Joining us is easy. Go to our contacts page and fill in the form, however before you do I will give you some more information on what you can expect once your application has been processed.

Once you have joined you will need to choose what events to attend. The campainging season generally runs from easter through to late september. During this time most of the societie's major events and battles take place. Then during the closed season members stay in touch through local events and meetings which are usually company based such as banquets, drills, skittles and social gatherings.





Depending on your role you will at first be expected to provide things like footwear such as desert boots, thick socks and a shirt or chemise.

Weapons and basic uniform will usually be supplied by the company for your first few outings although you will be expected to obtain your own kit once you've been bitten by the bug.

Don't worry the company will help you to purchase your equipment, either second hand or through their recommended stockists.( By recommended we mean anyone who will provide a free beer)




Once you are a member you will be sent a bi monthly society magazine called 'Orders of the Day'. This will give you full details on what is going on and where. Also with a round up of whats happening with society both in the historical scene and the social scene.

The company also issues their own newsletter that keeps you upto date with local events and meetings, especially important during the winter months when the fighting season comes to a halt.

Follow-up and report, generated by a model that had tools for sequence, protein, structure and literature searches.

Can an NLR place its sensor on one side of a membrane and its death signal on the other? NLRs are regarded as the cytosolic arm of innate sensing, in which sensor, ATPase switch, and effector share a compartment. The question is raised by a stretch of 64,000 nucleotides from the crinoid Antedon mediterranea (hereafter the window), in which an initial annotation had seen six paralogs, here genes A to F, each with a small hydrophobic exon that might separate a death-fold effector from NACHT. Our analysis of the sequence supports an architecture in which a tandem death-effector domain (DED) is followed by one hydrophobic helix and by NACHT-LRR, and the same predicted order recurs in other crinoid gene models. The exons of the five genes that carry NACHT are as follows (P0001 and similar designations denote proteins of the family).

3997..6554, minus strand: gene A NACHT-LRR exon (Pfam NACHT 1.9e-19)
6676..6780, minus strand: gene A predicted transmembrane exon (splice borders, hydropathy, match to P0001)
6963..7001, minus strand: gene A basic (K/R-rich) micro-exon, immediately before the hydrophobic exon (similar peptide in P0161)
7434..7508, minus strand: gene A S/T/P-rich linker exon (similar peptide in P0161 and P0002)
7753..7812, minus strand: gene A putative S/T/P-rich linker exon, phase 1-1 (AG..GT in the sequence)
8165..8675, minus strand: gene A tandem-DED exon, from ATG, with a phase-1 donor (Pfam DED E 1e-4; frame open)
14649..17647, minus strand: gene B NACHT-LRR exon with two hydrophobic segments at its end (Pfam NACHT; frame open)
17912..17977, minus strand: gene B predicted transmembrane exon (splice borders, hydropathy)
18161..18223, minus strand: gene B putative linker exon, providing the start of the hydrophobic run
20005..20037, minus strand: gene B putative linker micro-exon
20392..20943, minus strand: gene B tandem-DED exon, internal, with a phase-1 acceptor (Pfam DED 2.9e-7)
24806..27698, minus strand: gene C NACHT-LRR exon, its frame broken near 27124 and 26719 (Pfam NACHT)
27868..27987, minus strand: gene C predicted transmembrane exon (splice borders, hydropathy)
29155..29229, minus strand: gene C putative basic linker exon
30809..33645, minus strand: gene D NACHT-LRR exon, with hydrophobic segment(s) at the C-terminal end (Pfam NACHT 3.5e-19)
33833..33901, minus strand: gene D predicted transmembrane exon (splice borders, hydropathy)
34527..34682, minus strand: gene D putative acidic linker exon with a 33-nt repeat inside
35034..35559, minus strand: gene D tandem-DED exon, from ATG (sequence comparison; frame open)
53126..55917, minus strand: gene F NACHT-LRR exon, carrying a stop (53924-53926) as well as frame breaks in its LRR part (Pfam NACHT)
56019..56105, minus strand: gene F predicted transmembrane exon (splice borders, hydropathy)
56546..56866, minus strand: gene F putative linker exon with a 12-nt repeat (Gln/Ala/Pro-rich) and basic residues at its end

When arriving at any Sealed Knot campsite you will need to produce your membership card to a gate guard. He will point you to your regimental camping area where you will find your company encamped. Both Parliamentarian and Royalist armies share the same campsite however areas are usually designated to allow regiments and companys to camp together.

The campsite usually consists of the toilet blocks, traders row ( Supplying uniforms and equipment) and the obligatory Beer tent with associated burger stalls and general caterers. These vary in size depending on the size of the event.

At this point many members will leave the 20th century behind and get into their 17th century clothing although this isn't obligatory.

Usually over the weekend there will be 2 main battles fought in the afternoon on the Saturday and Sunday or Sunday/ Monday for bank holidays. Prior to your first battle you will be given full drill and training depending on your chosen role. Profficency tests are required for some disciplines such as muskets and swords to maintain safety.

Officers will brief you at any event on the specific timings eg drill and form up times. Outside of these times you're free to do whatever you want although your not forced to join in the battle if you do not wish too, the choice is yours.

Evenings are usually spent in the local hostelries and towns or onsite in the beer tent and most companies will have small social gatherings. Radley's have a post battle tradition/ritual of tea and battle cake after a couple of hours of Roundhead bashing to bring us back down to earth. Additionaly the Radleys evening centres aroiund their Gin Palace which encourages various versions of period songs that slowly degenerate over the evening.

You must be sixteen or over to take part in the battles.

There isn't a lower age limit to joining, and coming along for the weekend and we have many family members who bring along their children as the campsite is very a child friendly and social environment.

There is a corps of apprentices for those under 16 who shown how to drill and pratice battle manoeveres.Many of our older members came through the corps and are now bringing their own children to events.

Many children also take part in non battle activities such as living history displays and parades.